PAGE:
+ + +
2Ge(OHh 5H8 2CH8 COOK +K2Ge2S5 2CH3COOH 8H2O
References (11, 89, $2, 65, 61, 69)
Pptn. a s GeSz
Pptn. with tannin Complex formation with oxalic acid Pptn. a s molybdogermanic or tungstogermanic salts of organic bases
P p t n . a s MgaGeOi Titration of mannitol-germanium complex with K a O H
GeOa also forms volatile GeO. Hyd. >y steam has been used. Oxidation by HzOz gives most consistent results P p t n . is quantitative in presence of ammonium ion. P p t . ignited t o GeOz for weighing Forms compound, HzGe(Cz0da. Addn. of 5,6benzoquinoline oxalate gives nonstoichiometric ppt.. which is ignited t o GeOz for weighing Pyridine, cinchonine, oxine, and hexamethylenetetramine give ppts. with the formulas (Base)&Hd[Ge (Moz07) a ] and, (Base) I [Gellloi~Oro]. These ppts. have empirical factors t h a t depend on treatment of ppt. and do not agree with theoretical gravimetric factors .4ddn. of MgSO4, (NHa)zSOd, and coned. NHs ives bulky white ppt.; coprecipitation of M g ( 8 H ) a may cause error Mannitol-germanium complex may be titrated a s monoprotic acid with NaOH. If CaClz or SrClz is added, complex IS titrated a s diprotic acid. Boron interferes. Preliminary pptn. of GeSz
(BS, 97, 96)
Iodometric titration of mannitolgermanium complex
Iodometric titration of ppt. of oxine salt of molybdogermanic acid
Iodometric titration of potassium thiodigermanate Iodometric titration of Ge(I1) salt KMnO4 or KBrOs titration ef GeO Colorimetric estn. of molybdogermanium complex Colorimetric estn. of molybdenum blue from molybdogermanium complex Colorimetric estn. of Ge(heniatoxylin)? complex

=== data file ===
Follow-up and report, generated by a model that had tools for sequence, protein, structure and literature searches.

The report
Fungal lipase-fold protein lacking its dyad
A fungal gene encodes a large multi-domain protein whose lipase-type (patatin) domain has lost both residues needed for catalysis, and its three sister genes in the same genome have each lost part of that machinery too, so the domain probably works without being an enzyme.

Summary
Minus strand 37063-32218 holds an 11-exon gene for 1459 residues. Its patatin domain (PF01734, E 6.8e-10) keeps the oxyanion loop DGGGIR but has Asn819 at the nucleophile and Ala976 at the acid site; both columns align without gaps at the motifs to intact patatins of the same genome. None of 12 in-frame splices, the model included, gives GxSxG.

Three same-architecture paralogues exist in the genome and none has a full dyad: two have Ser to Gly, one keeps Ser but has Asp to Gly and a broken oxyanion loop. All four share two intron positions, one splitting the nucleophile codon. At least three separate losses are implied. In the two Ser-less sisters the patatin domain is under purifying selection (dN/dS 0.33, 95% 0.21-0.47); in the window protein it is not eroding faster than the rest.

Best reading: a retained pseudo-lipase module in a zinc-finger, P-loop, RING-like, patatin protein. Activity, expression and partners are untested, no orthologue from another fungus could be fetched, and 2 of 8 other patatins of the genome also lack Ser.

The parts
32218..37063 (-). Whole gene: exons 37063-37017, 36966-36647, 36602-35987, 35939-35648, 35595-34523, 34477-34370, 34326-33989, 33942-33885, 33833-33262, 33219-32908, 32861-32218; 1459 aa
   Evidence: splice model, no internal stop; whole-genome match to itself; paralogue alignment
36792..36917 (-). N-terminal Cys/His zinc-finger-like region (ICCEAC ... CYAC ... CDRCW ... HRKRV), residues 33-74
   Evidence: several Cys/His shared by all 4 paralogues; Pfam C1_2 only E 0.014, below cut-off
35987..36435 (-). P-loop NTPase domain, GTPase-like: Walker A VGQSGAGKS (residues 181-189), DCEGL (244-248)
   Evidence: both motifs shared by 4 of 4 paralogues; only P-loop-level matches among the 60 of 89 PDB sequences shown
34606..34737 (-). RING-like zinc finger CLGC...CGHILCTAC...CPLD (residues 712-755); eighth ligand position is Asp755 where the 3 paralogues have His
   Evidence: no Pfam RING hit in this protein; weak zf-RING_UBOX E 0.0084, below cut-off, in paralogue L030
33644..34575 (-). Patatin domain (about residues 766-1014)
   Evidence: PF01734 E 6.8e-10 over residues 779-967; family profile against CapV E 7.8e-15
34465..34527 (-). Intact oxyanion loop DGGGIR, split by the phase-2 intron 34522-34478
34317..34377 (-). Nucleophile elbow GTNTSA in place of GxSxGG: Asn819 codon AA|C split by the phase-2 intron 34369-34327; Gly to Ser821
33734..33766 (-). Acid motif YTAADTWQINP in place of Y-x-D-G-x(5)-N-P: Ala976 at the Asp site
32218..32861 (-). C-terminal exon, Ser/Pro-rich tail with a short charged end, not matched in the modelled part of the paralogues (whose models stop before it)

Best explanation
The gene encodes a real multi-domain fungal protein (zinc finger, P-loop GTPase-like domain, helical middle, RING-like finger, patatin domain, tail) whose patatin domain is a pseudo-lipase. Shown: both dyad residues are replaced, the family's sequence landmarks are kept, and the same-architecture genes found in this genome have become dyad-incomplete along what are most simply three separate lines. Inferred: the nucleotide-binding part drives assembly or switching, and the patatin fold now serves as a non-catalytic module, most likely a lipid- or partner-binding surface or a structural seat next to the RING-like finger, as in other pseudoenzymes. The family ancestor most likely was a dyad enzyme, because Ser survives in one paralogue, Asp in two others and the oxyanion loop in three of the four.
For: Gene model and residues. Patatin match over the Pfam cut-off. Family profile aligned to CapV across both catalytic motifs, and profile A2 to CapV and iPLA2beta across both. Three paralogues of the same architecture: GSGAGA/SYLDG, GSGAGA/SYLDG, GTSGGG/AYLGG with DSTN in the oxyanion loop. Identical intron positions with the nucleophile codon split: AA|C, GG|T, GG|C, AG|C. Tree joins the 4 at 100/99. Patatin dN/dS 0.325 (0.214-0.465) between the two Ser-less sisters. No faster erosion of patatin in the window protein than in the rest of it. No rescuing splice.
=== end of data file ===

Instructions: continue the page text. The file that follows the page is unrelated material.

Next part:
Colorimetric estn. of phenylfluorone complex Spectrographic procedures
Na,&Oa GeOz in aq. soln. is quant. converted t o KzGezSs b y HzS or KzS in CHICOOK buffered soln. KzGeaSs is oxidized with excess of standard 1 2 soln. and back-titrated with XazSzOs Ge(IV) reduced t o Ge(I1) by NaHzPOa and Ge(I1) determined by iodometric titration Ge(1V) salts reduced t o GeO by Zn in 25% His04 a n d titrated with KMnOd or KBrOs. Results are a n approximation only Permits estn. of 1 p.p.m. of Ge. Requires considerable preliminary prepn. of sample Molybdogermanium complex reduced by NazSOr. NazCOs and hydroquinone (NHdzFe(SO4 t in satd. C'HrCOONa, or (NHhzFe(S03z in $804. Preliminary pptn. as GeSz usually required. Usef u l for estn. of small amts. of Ge in silicate rocks Purple complex formed with oxidized hematoxylin is not interfered with b y other elements forming heteropoly acids. Considerable preliminary prepn. of sample required, Useful range 0.08 to 1.6 p.p.m. of Ge Very sensitive for small amounts of Ge Ge shows lines from 2198.7 to 4686.1; C u , Bi, and Pt may be used a s internal standards. Useful range very broad. Elements forming complex silicates must be removed G e + + + +gives two waves first reducing to G e + + , then t o metal, Ge + + c s n be determined cathodically in acid solution a t potential of about - 0 . 5 0 volt, dependent on both germanium and hydrogen ion concentration. Anodic wave can be used after reduction of Ge with sodium hypophosphite + + + +
(14-16, $5, 41. 63!64, rr, 78, 84, 87-90, OS, 99, 101, 106) (7, 88. $8.
V O L U M E 2 5 , NO. 1, J A N U A R Y 1 9 5 3